Successful retailers deliver on multiple fronts such as location, customer experience, marketing and pricing. Behind the scenes, retail assortment planning plays a key role in enabling success. In simple terms, “assortment” is the range of goods that a retailer offers, but it quickly gets more complicated as retailers make buying and stocking decisions based on styles, sizes, colours, store size, historical store traffic, customer preferences, etc.
Done right, a successful assortment plan helps a retailer:
- Increase sales, gross margins and inventory productivity
- Improve customer loyalty
- Avoid costly mistakes of being over stock (leading to markdowns) or out of stock (resulting in missed sales)
- Enforce a culture of continuous learning where retailers analyze plans and actuals to identify assortment improvements and new opportunities
Assortment planning is a combination of art and science. The “art” portion leads to variations in the industry as to how buyers and planners describe their assortment. For this article, I have defined assortment in terms of three pillars and one characteristic:
- Breadth: Number of product lines a retailer carries.
e.g. Fashion retailer deals in 3 product lines: men, women, children
- Length: Variety of products in a particular product chain or line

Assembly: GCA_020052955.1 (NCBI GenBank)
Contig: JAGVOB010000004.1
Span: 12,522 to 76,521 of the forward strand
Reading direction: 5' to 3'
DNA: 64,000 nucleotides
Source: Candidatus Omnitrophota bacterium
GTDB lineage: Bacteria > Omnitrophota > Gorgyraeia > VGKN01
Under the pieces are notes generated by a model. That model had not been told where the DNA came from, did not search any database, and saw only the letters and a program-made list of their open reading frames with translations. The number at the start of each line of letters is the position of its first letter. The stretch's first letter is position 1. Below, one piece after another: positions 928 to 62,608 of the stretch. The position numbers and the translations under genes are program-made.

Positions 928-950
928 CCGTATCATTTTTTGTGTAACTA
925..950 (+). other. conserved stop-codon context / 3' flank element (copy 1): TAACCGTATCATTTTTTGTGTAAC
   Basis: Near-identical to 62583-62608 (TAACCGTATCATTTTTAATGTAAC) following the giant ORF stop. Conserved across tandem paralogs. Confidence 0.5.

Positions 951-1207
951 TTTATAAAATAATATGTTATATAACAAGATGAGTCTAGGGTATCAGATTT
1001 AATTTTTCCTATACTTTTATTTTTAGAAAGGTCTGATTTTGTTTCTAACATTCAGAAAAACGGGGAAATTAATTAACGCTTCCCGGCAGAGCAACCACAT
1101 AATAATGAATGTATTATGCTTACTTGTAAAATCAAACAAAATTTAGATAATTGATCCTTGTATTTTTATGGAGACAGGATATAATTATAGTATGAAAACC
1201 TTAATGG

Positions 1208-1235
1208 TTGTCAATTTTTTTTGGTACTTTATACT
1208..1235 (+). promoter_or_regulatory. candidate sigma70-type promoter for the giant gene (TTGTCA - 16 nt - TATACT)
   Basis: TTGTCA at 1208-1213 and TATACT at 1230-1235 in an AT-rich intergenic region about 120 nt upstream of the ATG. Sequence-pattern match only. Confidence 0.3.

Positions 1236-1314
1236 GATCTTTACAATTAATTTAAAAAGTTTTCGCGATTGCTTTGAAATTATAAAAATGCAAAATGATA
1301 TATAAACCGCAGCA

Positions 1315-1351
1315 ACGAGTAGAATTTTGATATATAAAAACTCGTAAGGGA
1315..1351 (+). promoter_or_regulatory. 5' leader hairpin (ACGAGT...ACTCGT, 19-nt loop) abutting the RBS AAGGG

e.g. Men’s section offers t-shirts, casual shirts, suits, etc.
- Depth: The number of different versions/SKUs of the same product that may exist in each product line
e.g. “T-shirts” has 1000 SKUs based on different styles, sizes, and colours
- Consistency: The degree to which product lines relate to each other on a season-by-season basis
e.g. Collections and store stocks are aligned around the family shopping experience
Assortment planning can be accomplished with a variety of tools, ranging from spreadsheets to sophisticated, specialized software. Dynamics AX 2012 R3 and Dynamics 365 also have a built-in assortment planning module that can meet many retailers’ needs.
Above is an example Assortment planning module in Microsoft Dynamics AX. From left to right, the menus are as follows:
- Assortment can be defined for different type of product hierarchy
- This retailer has 6 product lines – action sports, apparel and footwear, electronics, etc. (Breadth)
- Each product line has subcategories. E.g. Fashion offers products in fashion accessories, menswear and womenswear (Length)
- Menswear has 70 different articles and each has 4 different sizes (S, M, L, and XL) and 3 different colours (Blue, Black, and Red) which lead to 840 varieties. (Depth)
- Products can be added to an assortment in AX for a category, sub-category or across the board.
- This section also enables variants in the assortment for a better product offering in a retail channel.
Add Selected Products
- This section confirms the products assigned to the assortment.
Product assortment is also impacted by season, weather, location, and other factors, and this article just scratches the surface of its importance and customizability. Assortment planning can pay off for any size retailer, so why not start with a planning tool that makes it easy and is integrated with your other financial and supply chain processes?